Newberg council undergoes more changes
The Newberg City Council is experiencing a game of musical chairs of late and the game shows no signs of abating.
The latest development came last week with the announcement that councilor Elizabeth Curtis Gemeroy has moved out of District 2 and must leave the council. Fortunately, the city charter allows a councilor who has moved out of the district to remain in office for up to 120 days from the date of his or her resignation, in this case until Feb. 26, or until the council appoints a replacement.
Gemeroy announced her departure via a Facebook page she created when she ran for the position in 2018. She said that attempts to find a new house in her district had proven unsuccessful.
"This resulted in us moving out of my district … and I could not be more heart broken," she wrote. "When I set out to be on council, I planned to do it for the long haul, I was and am committed and could not have seen this coming. I take this position so seriously and have diligently put this work ahead of so much in my life."
On the Facebook page she ticked off some council accomplishments she's most proud of, including prioritizing affordable housing and efforts toward better sustainability and transparency by city government.
"We have made our meetings more efficient and productive and we have sustained a respectful culture, even when we disagree," she wrote.
She touched on the city's internal troubles as well.
"We began searching for a new city manager almost immediately upon discovering the mismanagement that had been happening the past three years," she said, referring readers to an investigative report, released by the council city last month, that characterized Joe Hannan as an ineffective city manager.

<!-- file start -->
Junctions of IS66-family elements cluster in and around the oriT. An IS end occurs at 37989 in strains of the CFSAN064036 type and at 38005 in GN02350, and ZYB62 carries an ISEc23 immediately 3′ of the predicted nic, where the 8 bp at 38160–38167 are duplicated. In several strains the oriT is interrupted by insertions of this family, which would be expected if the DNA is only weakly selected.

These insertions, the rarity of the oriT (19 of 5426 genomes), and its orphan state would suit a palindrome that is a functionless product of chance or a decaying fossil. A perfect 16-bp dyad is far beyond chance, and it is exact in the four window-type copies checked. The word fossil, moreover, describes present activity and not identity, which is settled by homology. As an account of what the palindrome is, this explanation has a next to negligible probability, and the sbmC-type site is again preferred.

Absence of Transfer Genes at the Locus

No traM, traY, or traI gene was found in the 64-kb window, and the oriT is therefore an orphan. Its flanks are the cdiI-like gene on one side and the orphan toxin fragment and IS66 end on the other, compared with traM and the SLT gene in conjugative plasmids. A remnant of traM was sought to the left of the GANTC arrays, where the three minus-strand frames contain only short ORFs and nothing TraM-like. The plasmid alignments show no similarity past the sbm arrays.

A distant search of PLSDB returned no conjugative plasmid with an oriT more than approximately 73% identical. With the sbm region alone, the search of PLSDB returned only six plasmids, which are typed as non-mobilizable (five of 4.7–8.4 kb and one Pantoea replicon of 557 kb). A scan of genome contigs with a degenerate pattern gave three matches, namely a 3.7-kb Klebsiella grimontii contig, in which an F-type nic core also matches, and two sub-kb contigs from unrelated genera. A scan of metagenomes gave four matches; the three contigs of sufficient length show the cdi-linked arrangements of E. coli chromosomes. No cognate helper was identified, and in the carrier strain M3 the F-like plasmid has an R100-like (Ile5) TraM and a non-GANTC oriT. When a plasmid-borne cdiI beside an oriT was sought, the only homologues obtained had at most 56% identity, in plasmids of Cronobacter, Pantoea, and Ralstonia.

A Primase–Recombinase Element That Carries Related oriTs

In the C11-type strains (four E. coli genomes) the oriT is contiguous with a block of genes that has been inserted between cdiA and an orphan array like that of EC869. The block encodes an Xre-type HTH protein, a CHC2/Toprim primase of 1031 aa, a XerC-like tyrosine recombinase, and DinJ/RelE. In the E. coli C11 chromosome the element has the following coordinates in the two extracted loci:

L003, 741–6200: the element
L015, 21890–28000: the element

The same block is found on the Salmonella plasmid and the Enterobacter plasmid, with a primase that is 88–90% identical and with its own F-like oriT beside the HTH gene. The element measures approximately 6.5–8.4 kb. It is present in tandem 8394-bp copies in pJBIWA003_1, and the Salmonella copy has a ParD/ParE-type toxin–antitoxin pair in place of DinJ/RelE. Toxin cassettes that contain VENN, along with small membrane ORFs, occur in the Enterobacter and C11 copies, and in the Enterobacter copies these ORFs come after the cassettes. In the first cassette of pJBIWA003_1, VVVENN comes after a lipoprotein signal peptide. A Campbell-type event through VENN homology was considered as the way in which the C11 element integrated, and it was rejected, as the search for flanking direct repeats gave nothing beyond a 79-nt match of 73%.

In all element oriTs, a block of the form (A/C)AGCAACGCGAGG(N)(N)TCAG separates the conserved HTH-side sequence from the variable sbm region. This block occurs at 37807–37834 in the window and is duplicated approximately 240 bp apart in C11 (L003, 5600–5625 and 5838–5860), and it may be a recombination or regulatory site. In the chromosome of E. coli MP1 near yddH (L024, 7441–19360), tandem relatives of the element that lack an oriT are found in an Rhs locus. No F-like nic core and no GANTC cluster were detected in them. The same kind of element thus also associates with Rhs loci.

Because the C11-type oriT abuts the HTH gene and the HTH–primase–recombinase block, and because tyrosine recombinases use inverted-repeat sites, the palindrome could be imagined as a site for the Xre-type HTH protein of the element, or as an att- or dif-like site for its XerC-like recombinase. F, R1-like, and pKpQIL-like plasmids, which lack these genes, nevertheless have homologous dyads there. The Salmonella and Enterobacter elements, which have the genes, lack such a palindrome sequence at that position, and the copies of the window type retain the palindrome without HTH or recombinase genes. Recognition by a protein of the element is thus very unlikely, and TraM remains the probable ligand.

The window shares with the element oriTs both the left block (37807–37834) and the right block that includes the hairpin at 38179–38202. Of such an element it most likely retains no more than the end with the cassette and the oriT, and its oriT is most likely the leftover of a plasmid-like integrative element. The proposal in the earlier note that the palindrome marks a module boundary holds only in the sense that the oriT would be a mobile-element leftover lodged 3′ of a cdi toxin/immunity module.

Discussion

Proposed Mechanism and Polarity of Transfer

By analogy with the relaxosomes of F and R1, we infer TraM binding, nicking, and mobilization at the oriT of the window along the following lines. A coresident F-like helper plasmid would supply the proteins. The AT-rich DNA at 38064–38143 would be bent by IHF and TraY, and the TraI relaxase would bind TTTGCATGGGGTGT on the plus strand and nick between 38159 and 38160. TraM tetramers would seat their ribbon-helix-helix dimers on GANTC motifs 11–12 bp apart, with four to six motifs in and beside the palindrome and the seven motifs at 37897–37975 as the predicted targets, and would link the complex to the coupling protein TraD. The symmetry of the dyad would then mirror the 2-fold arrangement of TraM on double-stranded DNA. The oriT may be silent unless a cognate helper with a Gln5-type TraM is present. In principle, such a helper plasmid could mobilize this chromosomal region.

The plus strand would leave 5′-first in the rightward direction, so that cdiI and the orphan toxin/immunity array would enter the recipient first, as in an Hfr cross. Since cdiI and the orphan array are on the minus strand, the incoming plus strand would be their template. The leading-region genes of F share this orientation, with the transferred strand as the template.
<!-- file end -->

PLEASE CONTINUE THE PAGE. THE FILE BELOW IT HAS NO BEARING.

She added that when she first joined the council she was taken aback by some of revelations about the state of the city.
"I will be honest when I say I did not know that cities regularly face lawsuits and that was a huge surprise," she wrote. "I will be honest and say that I did not think that a town as small as Newberg could have as much animosity and politics surrounding every comment and decision.
"I am sad that the work I set out to do to ensure transparency across all departments has resulted in the entire police department viewing me as anti-police as opposed to pro-truth, when no other departments reacted this way. NDPD has made it clear they are against any oversight by City Hall and questions from anyone outside the department."I must be honest when I say it is hugely concerning when a department reacts this viscerally in response to transparency. I have personally been the recipient of defensiveness and aggression when asking simple questions, which lead me to conclude that my questions are the right ones to ask. I hope this council will continue to have the courage to speak on behalf of all citizens in our community, not just getting in line behind the police."
Piros joins the fray
News that Gemeroy is leaving the council follows the announcement in early October that after seven years on the council, Mike Corey had moved out of the city and would no longer be able to serve.
Fortunately, the process to replace him took less than a month; the council appointed Gene Piros on Nov. 4 and he has assumed Corey's District 5 position.
A St. Louis, Mo., native who moved to Portland at age 10, Piros is a retired customer service manager who has lived in Newberg for decades. His wife of 45 years, Rebecca, is a member of the Newberg School District board of directors and they have three grown children: Grant, a teacher who lives in Dundee; Elliott, a professor of Latin at University of North Carolina; and Miranda, a student at Willamette University.
In looking for a place to live, Newberg struck the couple as a town with affordable housing and as a safe place to raise their three children, the 66-year-old said.
Piros' past government experience is limited to supporting his wife as a school board member and his daughter's involvement on the Newberg Planning Commission.
His goal as he serves out the remainder of Corey's term until Dec. 31, 2020, is to promote livability, affordable housing, "walkability," sustainability and local jobs. He said he plans to run for election to a four-year term once he completes Corey's term.
Piros, who studied business management and landscape technology in college, said he is not daunted by joining the council during a particularly tumultuous time.
"No, I'm not afraid of rough times," he said. "They help us grow stronger and better."
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